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4 Keys To Catching A Liar

Keys To Catching A Liar

Catching a liar or recognizing liars and their lies can seem a bit mind-boggling at times, but looking out for a few signs can help you detect when someone is trying to trick you or is being dishonest.

Key Points

  • Violation of four conversational maxims may signal deception.
  • Maxims include providing sufficient information, having evidence, being relevant, and matching tone with content.
  • Monitoring maxim violations can determine the veracity of what is being said.

Truth is often elusive or at best described as “my truth,” which does not always comport with reality. Grice (1975) developed four maxims that guide conversations. A violation of one or more of the four maxims may signal deception.

Related: Why Narcissists Lie About Their Health: 3 Reasons Behind A Narcissist Lying About Illness

4 Keys To Catching A Liar

1. Provide Sufficient Information

Make your contributions to a discussion as informative as possible. In other words, include sufficient information to support what you are saying.

Do not add too much information, which, as Grice states, becomes a waste of time. Providing too much information can often confuse listeners. Adding too much information can also raise ancillary issues.

Liars often violate this maxim by providing too little information to prevent listeners from verifying the information presented, thereby preventing the truth from being discovered. Conversely, liars often provide too much information camouflaging the truth in an avalanche of details.

Unraveling a convoluted set of statements is too tedious for casual listeners. Instead of deciphering what was said, listeners simply move the conversation to less complicated topics. In this manner, liars avoid having to tell the truth.

catching a liar
catching a liar

2. Always Have Evidence

Do not say what you believe to be false. In other words, do not say anything that you do not have sufficient evidence to support.

Liars typically tell the truth up to the point where they want to withhold information, skip over the withheld information, and then resume telling the truth.

In this manner, liars only provide facts that can be verified. Withholding information is the most commonly used technique to lie because liars only have to remember the information they intentionally withheld. Withholding information creates information gaps.

Schafer (2016) identified the most commonly used words that liars use to bridge information gaps, which were labeled text bridges. They are then, so, after, when, as, while, and next. Text bridges identify where liars intentionally withhold information. Identifying text bridges provide specific areas in a conversation that require additional inquiry to uncover the hidden truth.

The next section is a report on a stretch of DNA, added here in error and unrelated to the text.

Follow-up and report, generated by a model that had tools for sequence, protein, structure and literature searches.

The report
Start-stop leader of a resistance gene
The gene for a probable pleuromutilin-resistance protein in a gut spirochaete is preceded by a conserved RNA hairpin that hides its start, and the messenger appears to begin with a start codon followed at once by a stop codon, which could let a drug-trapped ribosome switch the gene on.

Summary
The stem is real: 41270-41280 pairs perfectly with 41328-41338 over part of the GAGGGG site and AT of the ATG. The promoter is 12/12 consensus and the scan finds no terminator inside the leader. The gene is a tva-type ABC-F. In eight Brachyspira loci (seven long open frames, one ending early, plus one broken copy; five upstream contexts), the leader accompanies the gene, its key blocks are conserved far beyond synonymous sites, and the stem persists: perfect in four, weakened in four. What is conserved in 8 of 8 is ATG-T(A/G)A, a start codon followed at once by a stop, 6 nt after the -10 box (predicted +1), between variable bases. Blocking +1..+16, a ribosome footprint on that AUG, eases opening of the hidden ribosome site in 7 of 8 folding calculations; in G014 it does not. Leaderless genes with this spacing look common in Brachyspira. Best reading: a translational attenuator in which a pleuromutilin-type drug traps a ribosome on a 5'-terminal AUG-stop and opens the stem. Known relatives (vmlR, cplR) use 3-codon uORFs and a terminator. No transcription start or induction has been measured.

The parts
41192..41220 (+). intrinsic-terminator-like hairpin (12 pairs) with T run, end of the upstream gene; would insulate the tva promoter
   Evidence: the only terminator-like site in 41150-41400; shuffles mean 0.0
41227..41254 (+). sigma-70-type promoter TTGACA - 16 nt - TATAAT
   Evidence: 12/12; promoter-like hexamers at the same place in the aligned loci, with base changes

Related: 4 Types Of Lying

3. Stay Relevant

Keep your contributions to the conversation relevant. In other words, make logical contributions to the conversation. When facts are presented out of logical sequence, the story becomes less believable. Any forced change in the logical sequence of the conversation is a violation of this maxim.

Liars often change the focus of the discussion from topics they want to avoid to topics that are not related to the information they wish to conceal. In doing so, liars use misdirection to avoid telling the truth or, for that matter, lie about the truth.

Misdirection shifts responses away from threatening questions or topics. The overuse of misdirection tends to discredit the speaker, especially when the speaker is asked to address specific topics or provide detailed answers to specific questions.

4. Match Tone and Content

The manner in which things are said must comport with what is being said. This maxim relates to how information is communicated. Sad people communicating sad information will display a sad countenance. Conversely, happy people communicating happy information will display a happy countenance. People’s nonverbal expressions should be in sync with their verbal messages. Any incongruence may signal deception.

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Jack Schafer

John R. “Jack” Schafer, Ph.D. is a professor at Western Illinois University in the Law Enforcement and Justice Administration (LEJA) Department. He is a retired FBI Special Agent. He served as a behavioral analyst assigned to the FBI's National Security Behavioral Analysis Program. He authored a book titled “Psychological Narrative Analysis: A Professional Method to Detect Deception in Written and Oral Communications.” He also co-authored a book titled “Advanced Interviewing Techniques: Proven strategies for Law Enforcement, Military, and Security Personnel.” He has published numerous articles on a wide range of topics including the psychopathology of hate, ethics in law enforcement, and detecting deception. Dr. Schafer earned his Ph.D. in psychology at Fielding Graduate University, Santa Barbara, California. Dr. Schafer owns his own consulting company and lectures and consults in the United States and abroad. Dr. Schafer is the author of The Like Switch: An Ex-FBI Agent's Guide to Influencing, Attracting, and Winning People Over.View Author posts